d. Assuming a 60-hour workweek for full-time rank-and-file workers, hourly compensation of $31.85 and annual total compensation of $99,372, we would get a CEO-to-worker compensation ratio of 132-to-1.

By considering both total compensation (including fringe benefits) for both CEOs and rank-and-file workers, and by considering longer workweeks for rank-and-file workers that would be more comparable to the average hours worked by a CEO of a major multi-national corporation in the S&P 500, we can get a more accurate apples-to-apples comparison. Those more accurate comparisons result in CEO-to-worker compensation ratios of between 198-to-1 (for rank-and-file workers averaging 40-hour workweeks) to as low as 132-to-1 for rank-and-file workers putting in 60-hour weeks that might be the most comparable to the average workweek of a top CEO. Ratios that are between 43% and 62% lower than the AFL-CIO’s 347-to-1 ratio that will be generating sensationalized media coverage in the coming weeks.

2. Confiscation and Redistribution of CEO Pay. And what’s the whole point of the AFL-CIO’s annual reports on CEO-to-worker pay ratio? The sub-title of the AFL-CIO’s 2016 Executive Paywatch website pretty much sums it up: “More for Them, Less for Us.”

The AFL-CIO’s message seems to be that if CEOs weren’t being so generously over-compensated, then the rank-and-file workers would be doing much better and making higher wages. For example, according to the AFL-CIO in 2014:

America is supposed to be the land of opportunity, a country where hard work and playing by the rules would provide working families a middle-class standard of living. But in recent decades, corporate CEOs have been taking a greater share of the economic pie while workers’ wages have stagnated.

The AFL-CIO has fallen here hook, line and sinker for the zero-sum, fixed pie fallacy, one of the most common economic mistakes that falsely assumes that one party can gain only at the expense of another. But let’s assume that there is a “fixed pie of wages” and do some confiscation and redistribution of CEO compensation to see how that would affect average rank-and-file worker pay.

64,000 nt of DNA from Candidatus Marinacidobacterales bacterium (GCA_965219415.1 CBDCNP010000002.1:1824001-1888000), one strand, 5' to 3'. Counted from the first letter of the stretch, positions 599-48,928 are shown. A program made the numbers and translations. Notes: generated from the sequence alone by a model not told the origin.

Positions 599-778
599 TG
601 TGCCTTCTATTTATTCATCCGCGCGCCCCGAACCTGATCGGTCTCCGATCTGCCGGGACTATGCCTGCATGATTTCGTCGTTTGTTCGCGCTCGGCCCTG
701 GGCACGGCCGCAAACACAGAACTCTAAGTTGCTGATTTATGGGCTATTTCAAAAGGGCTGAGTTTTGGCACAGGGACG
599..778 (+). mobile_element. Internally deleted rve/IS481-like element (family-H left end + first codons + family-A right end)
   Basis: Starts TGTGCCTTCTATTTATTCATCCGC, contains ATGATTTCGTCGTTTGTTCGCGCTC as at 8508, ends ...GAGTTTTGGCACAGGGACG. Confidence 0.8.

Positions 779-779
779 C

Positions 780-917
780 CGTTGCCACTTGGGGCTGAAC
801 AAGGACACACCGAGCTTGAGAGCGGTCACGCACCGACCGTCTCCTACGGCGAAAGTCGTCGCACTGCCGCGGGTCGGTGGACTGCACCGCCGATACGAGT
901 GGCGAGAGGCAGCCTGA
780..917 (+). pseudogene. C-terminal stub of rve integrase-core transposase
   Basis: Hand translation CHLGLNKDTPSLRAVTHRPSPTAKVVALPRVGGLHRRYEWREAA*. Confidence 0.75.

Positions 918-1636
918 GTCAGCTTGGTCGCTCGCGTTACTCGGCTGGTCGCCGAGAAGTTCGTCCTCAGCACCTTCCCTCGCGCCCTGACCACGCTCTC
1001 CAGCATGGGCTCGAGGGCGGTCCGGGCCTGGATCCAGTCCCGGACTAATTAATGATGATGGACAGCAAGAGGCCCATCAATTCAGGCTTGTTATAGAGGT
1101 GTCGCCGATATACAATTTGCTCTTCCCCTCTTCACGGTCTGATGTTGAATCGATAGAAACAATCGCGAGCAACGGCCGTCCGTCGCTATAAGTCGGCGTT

Q: If the CEOs of the S&P 500 companies received $13.1 million on average last year, then as a group, those 500 CEOs received about $6.55 billion in total compensation in 2016. If the AFL-CIO could wave a magic wand and confiscate that entire amount and redistribute $6.55 billion to the current 100,525,000 rank-and-file workers, what would each one get?

A: An annual increase in pay of about $65 for each rank-and-file worker before taxes, or about $1.25 more per week and only 3.7 cents per hour. In other words, complete confiscation and redistribution of S&P 500 CEO compensation would make almost no difference for the average rank-and-file worker.

Bottom Line: The AFL-CIO can only get a distorted and wildly inflated CEO-to-worker pay ratio of 347-to-1 with an apples-to-oranges analysis that compares the total annual compensation of a small, select group of CEOs heading America’s largest multi-national corporations, who probably typically work 50-60 hours per week or more, to the average annual cash wages of part-time rank-and-file employees who work less than 34 hours per week on average. Once we make a more statistically valid apples-to-apples comparison, the CEO-to-worker compensation ratio falls by more than 40% from the AFL-CIO’s 347-to-1 ratio to less than 200-to-1 once we consider total compensation for both CEOs and full-time (40 hours per week) rank-and-file workers. If we assume a 60-hour work week for the average worker (to be comparable to the workweek of an average CEO), the CEO-to-worker compensation ratio falls by 62% to only 132-to-1. Further, even if we could confiscate 100% of the compensation of all S&P 500 CEOs, the typical rank-and-file worker would probably get less than $1 per week in after-tax earnings. Big deal.

Just like last year, the CEO-to-worker pay ratio reported by the AFL-CIO gets my annual “Biggest Blindly Accepted Statistical Fairy Tale of the Year Award.” Well no, it’s actually a tie with the gender wage gap myth and the incessantly repeated “77 cents on the dollar” statistical falsehood. What’s disappointing is that much of the mainstream media seem to blindly accept both of these statistical falsehoods without ever challenging the “statistical legerdemain” that are used to produce and perpetuate these statistical myths. One exception was this excellent article in 2015 by Investor’s Business Daily’s John Merline (“Do CEOs Make 300 Times What Workers Get? Not Even Close“) who concluded:

What’s not understandable is why the mainstream press keeps repeating the massively inflated 300-to-1 number without noting the statistical legerdemain that produced it.

On the AFL-CIO’s inflated 347-to-1 CEO-to-worker pay ratio, and the statistical legerdemain used to produce it
Mark Perry

Mark Perry
Mark J. Perry is concurrently a scholar at AEI and a professor of economics and finance at the University of Michigan’s Flint campus. He is best known as the creator and editor of the popular economics blog Carpe Diem. At AEI, Perry writes about economic and financial issues for American.com and the AEIdeas blog.